Sometimes his minister, and such few friends as cared for his soul, would converse with him in private, and expostulate with him on his desperate and ruinous course of life; but it was of no avail, he was offended at their friendly inter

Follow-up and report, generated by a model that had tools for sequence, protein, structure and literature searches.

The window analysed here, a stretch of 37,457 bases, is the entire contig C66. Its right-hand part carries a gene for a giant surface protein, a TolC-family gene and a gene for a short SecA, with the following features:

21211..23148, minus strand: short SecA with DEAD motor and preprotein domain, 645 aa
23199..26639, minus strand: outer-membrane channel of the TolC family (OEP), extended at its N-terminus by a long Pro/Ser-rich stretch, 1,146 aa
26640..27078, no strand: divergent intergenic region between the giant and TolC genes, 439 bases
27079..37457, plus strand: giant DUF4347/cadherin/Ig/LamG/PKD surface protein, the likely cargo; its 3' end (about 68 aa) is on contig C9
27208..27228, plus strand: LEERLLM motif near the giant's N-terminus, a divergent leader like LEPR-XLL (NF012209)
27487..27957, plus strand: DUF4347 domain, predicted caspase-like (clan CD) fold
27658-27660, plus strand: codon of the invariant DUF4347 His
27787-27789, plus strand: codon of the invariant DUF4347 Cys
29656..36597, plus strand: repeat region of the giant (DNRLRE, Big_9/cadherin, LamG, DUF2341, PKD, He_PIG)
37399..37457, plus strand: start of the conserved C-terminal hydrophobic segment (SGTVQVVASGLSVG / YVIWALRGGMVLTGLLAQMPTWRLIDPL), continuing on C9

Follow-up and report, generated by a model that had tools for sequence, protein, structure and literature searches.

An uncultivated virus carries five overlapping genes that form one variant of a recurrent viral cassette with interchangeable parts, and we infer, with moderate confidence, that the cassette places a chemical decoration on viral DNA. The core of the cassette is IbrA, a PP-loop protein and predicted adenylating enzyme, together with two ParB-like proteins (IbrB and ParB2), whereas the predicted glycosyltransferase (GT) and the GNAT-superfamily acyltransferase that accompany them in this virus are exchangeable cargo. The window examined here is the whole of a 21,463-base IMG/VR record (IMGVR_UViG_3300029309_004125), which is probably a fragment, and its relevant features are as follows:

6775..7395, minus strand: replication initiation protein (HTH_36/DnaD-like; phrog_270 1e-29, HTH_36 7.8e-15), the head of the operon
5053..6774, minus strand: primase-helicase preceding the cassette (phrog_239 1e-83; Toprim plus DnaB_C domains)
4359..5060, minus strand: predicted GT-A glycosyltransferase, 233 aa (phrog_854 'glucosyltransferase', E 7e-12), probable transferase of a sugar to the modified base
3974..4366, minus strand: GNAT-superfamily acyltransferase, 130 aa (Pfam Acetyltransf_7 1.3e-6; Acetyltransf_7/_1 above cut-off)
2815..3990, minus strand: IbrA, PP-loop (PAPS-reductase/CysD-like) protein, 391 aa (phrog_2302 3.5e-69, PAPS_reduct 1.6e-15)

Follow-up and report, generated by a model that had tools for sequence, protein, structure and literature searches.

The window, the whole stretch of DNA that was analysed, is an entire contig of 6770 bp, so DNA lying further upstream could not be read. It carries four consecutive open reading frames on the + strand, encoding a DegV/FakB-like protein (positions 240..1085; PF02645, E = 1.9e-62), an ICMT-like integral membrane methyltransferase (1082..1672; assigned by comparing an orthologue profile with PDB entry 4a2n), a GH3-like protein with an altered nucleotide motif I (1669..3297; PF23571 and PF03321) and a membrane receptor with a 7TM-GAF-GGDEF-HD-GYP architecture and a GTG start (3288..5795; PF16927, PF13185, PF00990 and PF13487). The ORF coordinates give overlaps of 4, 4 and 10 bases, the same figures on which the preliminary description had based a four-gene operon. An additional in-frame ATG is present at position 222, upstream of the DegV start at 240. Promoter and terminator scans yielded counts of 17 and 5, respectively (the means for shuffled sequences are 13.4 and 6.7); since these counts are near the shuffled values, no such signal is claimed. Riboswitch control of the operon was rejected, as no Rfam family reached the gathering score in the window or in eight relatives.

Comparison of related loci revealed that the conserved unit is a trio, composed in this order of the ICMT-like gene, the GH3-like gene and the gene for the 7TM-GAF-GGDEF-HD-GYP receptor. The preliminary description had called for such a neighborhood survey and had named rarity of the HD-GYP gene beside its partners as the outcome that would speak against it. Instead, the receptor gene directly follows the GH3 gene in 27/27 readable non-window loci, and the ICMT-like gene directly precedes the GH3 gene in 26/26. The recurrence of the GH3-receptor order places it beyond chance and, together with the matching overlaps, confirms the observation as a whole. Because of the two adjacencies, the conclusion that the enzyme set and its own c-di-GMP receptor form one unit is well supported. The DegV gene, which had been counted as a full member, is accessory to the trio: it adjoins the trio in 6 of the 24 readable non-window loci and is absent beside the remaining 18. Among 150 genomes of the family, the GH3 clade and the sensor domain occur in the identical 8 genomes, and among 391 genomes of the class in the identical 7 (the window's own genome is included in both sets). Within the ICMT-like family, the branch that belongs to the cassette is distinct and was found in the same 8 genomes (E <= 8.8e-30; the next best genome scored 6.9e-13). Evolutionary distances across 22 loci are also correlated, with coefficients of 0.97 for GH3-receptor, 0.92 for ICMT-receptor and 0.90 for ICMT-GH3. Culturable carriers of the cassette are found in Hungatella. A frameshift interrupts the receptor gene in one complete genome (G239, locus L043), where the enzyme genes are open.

ference, he “disregarded all their counsel, he would none of their reproof.” Continually, it appears by the book of his life, did the Holy Spirit strive with him, putting good thoughts into his mind, exciting his fears, awakening his conscience, producing a sense of shame and disgust at his own vices, but he resisted all these godly motions, with fatal success; he grieved, and finally quenched the Holy Spirit, and provoked him to depart from him, and leave him to himself and to that evil one, whose suggestions he more willingly obeyed. Had he any other warnings, any visitations from the hand of God? Many a time he escaped from imminent danger, which he attributed to chance. He had more than one severe sickness, in which, thinking death at hand, (and being visited by a minister of religion, who tried to impress him with a sense of his dangerous condition) he made some good resolutions, but they are enumerated among his most condemning sins, for they all passed away like “the morning cloud, and the early dew,” and he returned to his sins “like a dog to his vomit, and as the sow that was washed to her wallowing in the mire.” Is there nothing better than this in the whole book ? Alas, there is not; his very virtues, as he thought them, and his good actions, are all put down as sins, for he did